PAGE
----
You really don't need to combine proteins in a certain ratio. smiley.gif
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#5 Old 09-09-2013, 10:20 AM
 
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@luvourmother I haven't gotten blood work done because I've only been plant-based for 3 months.  I'm concerned about protein intake because I noticed my nails currently have white lines across them (Muehrcke’s Nails) which is the first sign of a protein deficiency or a liver problem.  I don't drink alcohol and have no prior history of liver problems so I am deducing it's from my diet change and lack of protein or I am eating enough protein but the quality of the protein/amino acid profile is not giving me adequate nutrition in the protein department.  I had no lines on my nails when I still had some dairy and eggs before going 100% plant based.

 

More info on Muehrcke’s Nails here-

http://www.doctorshangout.com/profiles/blogs/what-does-it-mean-if-you-have

 

Even though vegan/vegetarians can be laxed about combining proteins at every meal, I read that different protein combinations are still needed for a 24 hour period because that is how long the amino acids from food are stored.   That's why I don't always combine at every meal but I do make sure to eat my complements within that 1-2 day window. 

 

I am curious as to what long-term vegans have been eating as their staple protein on a daily basis... how often it is eaten, portion size, etc.   Those sites I've been on only give you charts to mix-match but no portion sizes.   This is important because Hemp protein, Quinoa, Soybeans are all lacking in 1 essential amino acid so if a person doesn't combine, they will not able to get methionine or valine. 

 

@LedBoots - great site.  I just looked at their Essential Amino Acid breakdown chart:

http://www.savvyvegetarian.com/articles/plant-food-protein-chart.pdf

Thanks.   This was the info I was looking for...  Need to see what each plant-food is lacking in their essential amino acid profile.  :)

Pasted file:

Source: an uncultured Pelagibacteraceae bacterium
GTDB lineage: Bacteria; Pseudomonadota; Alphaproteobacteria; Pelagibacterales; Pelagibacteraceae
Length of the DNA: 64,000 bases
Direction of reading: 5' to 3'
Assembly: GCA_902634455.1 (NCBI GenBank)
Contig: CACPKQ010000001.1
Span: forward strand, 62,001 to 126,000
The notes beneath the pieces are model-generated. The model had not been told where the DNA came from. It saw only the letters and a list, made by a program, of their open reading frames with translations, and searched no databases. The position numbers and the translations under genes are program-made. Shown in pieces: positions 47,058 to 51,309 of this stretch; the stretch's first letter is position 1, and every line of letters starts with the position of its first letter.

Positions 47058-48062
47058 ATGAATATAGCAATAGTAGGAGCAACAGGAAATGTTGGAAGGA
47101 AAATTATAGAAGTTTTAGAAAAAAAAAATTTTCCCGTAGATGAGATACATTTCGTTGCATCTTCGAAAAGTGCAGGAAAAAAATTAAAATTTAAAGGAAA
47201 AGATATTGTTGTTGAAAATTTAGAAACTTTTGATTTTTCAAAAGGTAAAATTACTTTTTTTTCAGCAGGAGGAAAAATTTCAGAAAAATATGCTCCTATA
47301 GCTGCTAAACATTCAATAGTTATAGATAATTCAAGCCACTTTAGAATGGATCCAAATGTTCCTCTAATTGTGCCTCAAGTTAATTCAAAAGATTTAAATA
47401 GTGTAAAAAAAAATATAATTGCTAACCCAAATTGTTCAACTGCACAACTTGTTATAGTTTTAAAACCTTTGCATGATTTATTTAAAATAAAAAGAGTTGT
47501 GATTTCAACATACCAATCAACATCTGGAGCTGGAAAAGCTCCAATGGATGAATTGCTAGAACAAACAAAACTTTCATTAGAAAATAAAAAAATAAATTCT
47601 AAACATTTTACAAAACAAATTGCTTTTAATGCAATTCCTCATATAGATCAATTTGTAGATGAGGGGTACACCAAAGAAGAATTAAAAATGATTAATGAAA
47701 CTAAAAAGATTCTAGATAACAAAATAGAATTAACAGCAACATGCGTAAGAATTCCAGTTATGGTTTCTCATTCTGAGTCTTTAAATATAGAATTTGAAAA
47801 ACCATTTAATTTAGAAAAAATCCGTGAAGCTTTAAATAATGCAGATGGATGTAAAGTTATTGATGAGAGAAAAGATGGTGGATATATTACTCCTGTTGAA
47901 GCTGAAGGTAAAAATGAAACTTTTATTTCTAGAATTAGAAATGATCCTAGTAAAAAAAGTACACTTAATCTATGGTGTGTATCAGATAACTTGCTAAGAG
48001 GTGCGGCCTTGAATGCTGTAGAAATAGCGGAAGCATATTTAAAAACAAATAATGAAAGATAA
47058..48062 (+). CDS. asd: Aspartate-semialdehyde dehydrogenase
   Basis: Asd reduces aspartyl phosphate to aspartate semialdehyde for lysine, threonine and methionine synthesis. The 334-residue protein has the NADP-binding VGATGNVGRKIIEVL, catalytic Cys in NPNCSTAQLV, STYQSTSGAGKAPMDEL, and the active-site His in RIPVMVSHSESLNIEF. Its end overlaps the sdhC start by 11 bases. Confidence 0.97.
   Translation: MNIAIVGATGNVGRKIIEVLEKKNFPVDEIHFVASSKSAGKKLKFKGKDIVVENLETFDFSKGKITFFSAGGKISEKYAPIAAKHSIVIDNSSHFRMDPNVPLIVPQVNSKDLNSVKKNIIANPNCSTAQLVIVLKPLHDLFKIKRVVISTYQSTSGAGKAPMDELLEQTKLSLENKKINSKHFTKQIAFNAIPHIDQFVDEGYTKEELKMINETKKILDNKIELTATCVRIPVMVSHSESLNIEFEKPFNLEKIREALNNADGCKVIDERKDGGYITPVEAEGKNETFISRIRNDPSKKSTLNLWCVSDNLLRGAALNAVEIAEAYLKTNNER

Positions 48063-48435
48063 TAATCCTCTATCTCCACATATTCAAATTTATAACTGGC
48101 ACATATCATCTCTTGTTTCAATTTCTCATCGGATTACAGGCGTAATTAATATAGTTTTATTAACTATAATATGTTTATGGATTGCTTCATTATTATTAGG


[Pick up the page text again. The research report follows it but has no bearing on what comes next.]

@natty6  Thanks for your daily food-intake list of items! I haven't made hummus a staple yet..but that seems like a great way to get most of my protein for the day when I am busy.. I've been freezing lentil-walnut loaves for the past month to save time.  

 

Thank you all for the great info!

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#6 Old 09-09-2013, 10:37 AM
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Do you maintain your cuticles? I do not mean to belittle your concern over your nails and you may full well have Muehrcke's nails and need a blood test, but those spots/lines are very commonly a result of trauma to the nail beds. If you get manicures or work on your cuticles yourself, that could cause the lines. Any trauma may do it.
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#7 Old 09-09-2013, 10:42 AM
 
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Oh no it's fine.  I don't have manicures.  Thanks for asking though! 

 

Just need to monitor minor physical changes during the diet transition...hopefully the lines will go away after I incorporate some of the foods you pointed out.  :) 

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#8 Old 09-09-2013, 06:33 PM
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http://www.veganhealth.org/articles/protein

 

Make sure you get enough of the amino acid lysine. If you are getting enough lysine you are probably getting enough protein.